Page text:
A flash of electric blue—that's as intimately as most people will ever know the common kingfisher. But it suffices. . "Everyone in England who has ever seen one will remember where they saw it," says photographer and kingfisher thrall Charlie Hamilton James. "I saw my first one when I was a boy. I've been completely obsessed ever since." For a few years he traipsed empty-handed after the bird near Bristol, in southwest England. Later, to justify the hours spent on the gloomy riverbanks that kingfishers haunt, he took along a camera. That was 20 years ago.
Alcedo atthis (also known as the Eurasian, European, or river kingfisher) has inspired many an obsession. In the world's temperate zones, where drab plumage is the norm, this kingfisher, unlike its North American cousins, bedazzles. Slicing the air like a turquoise missile, it is impossible to disregard.
The yellow, red, orange, and brown birds of the world assume their hues because of a pigment embedded in the keratin matrix of feathers. But blue feathers result from refraction, a prism-style splitting of light inside a feather. Under a microscope each long kingfisher barb, finer than a human hair, glitters with shades of the Caribbean. Tiny structures in the feathers choreograph incoming light, reflecting sapphire in one direction, emerald in another.
Alas, beauty can be a curse. At times, kingfisher feathers have achieved the status of gemstones, silk, and spices. A third-century Chinese text describing Western cultures included a list of treasures that might be extracted from the Roman Empire: ivory, gold, carnelian, pearls, kingfisher feathers. Over the course of 2,500 years, the Chinese fashion industry plucked an inconceivable number of birds from the forests of Asia. In an art form called tian tsui, or dotting with kingfishers, craftsmen applied the shimmering feathers to jewelry, fans, privacy screens, and landscape panels. Entire quilts were reportedly transformed into blue-green seascapes. Korean royalty shared the passion, which finally faded in the early 1900s.
Fortunately, these days the little spitfire's rarity is an illusion. The kingfisher isn't shy; it simply exploits an environment most people (with the exception of Hamilton James and his sort) avoid. The ideal riverbank is crumbly enough for the birds to excavate a nesting burrow with their beaks. The nest should be sufficiently high to ride out occasional floods and sufficiently low to thwart foxes, snakes, and other raiders trying to penetrate from above.
Solitary most of the year, each individual strives to protect enough real estate to guarantee steady fishing and a good nest site. "These tiny little birds have got to hold down a whole mile of river," explains Hamilton James. Neither male nor female will hesitate in the defense of this life-sustaining territory. At just an ounce and a half, a kingfisher is a force to be reckoned with. "They're very loud, and they tell everyone they're coming," says Hamilton James. "I suppose they are quite arrogant."
Disputes begin with high-speed chases and the occasional beak jab. If aerial jousting doesn't settle the argument, things may turn deadly. At the river's edge two birds will lock beaks and attempt to force each other underwater.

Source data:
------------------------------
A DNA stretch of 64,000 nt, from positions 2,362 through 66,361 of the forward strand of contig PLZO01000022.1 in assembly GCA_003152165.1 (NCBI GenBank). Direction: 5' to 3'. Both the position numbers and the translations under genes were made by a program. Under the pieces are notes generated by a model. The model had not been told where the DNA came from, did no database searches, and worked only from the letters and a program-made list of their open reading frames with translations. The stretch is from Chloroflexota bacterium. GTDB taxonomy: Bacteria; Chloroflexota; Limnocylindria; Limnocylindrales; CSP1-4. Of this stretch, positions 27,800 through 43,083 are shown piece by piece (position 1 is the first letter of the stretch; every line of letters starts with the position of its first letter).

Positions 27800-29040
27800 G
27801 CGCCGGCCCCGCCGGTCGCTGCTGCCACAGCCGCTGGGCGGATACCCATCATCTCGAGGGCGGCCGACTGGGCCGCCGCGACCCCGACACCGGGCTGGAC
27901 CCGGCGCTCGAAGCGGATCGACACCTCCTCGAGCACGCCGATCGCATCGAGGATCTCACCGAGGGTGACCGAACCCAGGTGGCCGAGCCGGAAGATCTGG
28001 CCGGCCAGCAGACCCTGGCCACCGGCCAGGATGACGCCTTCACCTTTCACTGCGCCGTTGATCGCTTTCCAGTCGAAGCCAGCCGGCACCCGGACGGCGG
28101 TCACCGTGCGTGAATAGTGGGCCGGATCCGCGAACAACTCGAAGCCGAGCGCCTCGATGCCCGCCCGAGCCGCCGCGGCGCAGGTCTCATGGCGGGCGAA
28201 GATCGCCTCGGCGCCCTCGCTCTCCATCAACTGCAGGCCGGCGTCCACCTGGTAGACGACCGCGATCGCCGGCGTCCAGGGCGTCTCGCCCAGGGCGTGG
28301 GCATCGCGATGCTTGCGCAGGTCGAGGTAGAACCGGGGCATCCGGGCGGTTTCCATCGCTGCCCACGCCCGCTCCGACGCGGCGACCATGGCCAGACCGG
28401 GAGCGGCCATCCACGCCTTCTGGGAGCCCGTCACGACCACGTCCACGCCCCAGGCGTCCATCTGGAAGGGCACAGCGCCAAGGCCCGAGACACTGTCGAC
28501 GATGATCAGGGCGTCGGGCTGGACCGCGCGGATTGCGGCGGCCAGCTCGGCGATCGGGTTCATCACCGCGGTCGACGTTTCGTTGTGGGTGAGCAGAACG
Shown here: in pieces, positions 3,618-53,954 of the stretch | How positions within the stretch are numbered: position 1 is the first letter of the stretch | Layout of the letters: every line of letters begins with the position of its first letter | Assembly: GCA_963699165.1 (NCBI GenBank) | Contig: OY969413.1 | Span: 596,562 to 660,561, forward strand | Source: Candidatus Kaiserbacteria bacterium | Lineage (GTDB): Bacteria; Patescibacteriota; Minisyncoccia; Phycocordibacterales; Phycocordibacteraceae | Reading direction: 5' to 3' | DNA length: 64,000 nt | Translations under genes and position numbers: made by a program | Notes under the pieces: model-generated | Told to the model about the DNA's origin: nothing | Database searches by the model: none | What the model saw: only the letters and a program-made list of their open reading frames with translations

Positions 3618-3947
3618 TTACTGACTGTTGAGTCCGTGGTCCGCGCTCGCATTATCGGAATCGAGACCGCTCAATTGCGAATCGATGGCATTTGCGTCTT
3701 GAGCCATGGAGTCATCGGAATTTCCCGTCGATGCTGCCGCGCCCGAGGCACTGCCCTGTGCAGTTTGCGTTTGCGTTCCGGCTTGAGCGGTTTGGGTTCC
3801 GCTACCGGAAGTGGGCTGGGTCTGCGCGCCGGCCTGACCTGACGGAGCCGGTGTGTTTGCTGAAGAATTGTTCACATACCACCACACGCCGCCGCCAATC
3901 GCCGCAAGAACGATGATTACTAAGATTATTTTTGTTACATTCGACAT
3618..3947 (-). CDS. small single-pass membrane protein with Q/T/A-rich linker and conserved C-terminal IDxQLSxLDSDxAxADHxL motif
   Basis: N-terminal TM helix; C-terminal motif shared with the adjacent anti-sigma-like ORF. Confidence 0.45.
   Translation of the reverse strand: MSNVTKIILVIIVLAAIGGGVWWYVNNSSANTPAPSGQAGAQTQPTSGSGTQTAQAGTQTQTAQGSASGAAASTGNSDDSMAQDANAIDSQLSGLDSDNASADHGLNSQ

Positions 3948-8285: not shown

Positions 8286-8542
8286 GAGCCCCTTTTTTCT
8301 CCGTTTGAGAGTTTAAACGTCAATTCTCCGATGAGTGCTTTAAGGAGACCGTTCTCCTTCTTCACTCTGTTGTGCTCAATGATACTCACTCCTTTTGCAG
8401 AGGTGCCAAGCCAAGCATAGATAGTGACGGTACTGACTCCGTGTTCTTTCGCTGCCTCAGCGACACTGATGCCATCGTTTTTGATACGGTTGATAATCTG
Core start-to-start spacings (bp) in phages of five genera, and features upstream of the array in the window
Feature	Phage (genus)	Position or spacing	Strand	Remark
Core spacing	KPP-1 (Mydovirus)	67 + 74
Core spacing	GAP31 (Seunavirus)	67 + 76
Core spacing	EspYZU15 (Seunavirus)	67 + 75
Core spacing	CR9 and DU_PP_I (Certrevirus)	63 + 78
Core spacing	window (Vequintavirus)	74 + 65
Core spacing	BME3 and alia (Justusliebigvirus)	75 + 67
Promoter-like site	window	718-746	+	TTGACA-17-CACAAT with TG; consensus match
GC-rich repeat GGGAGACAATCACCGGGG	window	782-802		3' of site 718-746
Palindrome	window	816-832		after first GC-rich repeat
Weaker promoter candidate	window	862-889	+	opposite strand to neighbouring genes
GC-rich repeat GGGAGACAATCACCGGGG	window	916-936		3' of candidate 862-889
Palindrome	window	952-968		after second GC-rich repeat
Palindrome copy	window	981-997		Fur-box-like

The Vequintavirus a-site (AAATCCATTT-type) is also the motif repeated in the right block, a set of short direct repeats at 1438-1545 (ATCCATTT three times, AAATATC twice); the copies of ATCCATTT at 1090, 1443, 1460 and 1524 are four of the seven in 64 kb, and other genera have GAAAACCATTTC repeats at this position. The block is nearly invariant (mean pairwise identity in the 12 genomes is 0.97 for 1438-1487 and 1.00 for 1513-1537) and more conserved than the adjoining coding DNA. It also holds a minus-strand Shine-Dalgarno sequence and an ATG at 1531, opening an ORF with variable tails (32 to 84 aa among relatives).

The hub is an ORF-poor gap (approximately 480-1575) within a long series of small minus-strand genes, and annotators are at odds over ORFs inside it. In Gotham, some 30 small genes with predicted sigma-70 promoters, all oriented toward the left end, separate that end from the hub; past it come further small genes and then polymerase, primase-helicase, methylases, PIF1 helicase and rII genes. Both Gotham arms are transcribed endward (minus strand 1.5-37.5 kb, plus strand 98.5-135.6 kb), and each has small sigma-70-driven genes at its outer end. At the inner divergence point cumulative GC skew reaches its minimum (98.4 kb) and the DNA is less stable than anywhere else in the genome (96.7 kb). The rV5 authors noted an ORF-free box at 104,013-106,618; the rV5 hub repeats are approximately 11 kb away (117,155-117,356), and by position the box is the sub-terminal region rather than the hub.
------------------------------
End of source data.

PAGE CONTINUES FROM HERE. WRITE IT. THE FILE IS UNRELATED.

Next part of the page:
Breeding season requires a pause in the usual hostilities between sexes. The male's opening move is direct: He hurtles after his former foe, whistling urgently. If she tolerates his company, he will ply her with fresh fish, directing them headfirst into her beak. On occasions when a truce is struck between neighbors, the pair will merge territories—temporarily. From their joint holdings they'll either select an old nest for reuse or start anew. Chiseling a two-foot tunnel can take ten days of hard labor for the pair.
After three weeks of brooding, the eggs hatch. Hardly fastidious homemakers, the birds raise their nestlings in the dark on a layer of tiny fish bones regurgitated as pellets, then shattered with a perfunctory peck. (Hamilton James has watched this behavior from a subterranean observatory adjoining a nest.) Both parents fish in earnest. The kingfisher is an ambush hunter, perching over a river until a small fish flicks into range. It can plummet, strike, and wing back to its perch in the space of two blurry seconds. It thumps the catch against the branch to stun it—a lesson some young birds learn only after swallowing a stickleback that erects its dorsal spine on the way down. For the three or four weeks that chicks are in the nest, the adults may bring home 50 to 70 fish a day, and that messy layer of fish bones builds up.
What kingfishers lack in fine manners they make up for in fecundity. Many bird species will raise a second brood, but kingfishers, averaging six or seven eggs per clutch, often raise a third. One pair was observed raising a fourth.
Zealous reproduction helps the species thrive. Throughout its range, the kingfisher's status is stable enough that very few ornithologists pay it much heed. The handful of Alcedo atthis scholars report that it is one of the wild animals that don't mind rubbing shoulders with humans—good news in an increasingly urban world.
Hamilton James observes that his local birds are always willing to annex a backyard goldfish pond. And Japanese ornithologist Satoe Kasahara says that lately kingfishers have snatched fish from urban ponds in her country. Across the kingfisher's range, wherever rivers are healthy, fish will swim. And where the fish go, the flashy little bird with the sassy whistle is likely to follow.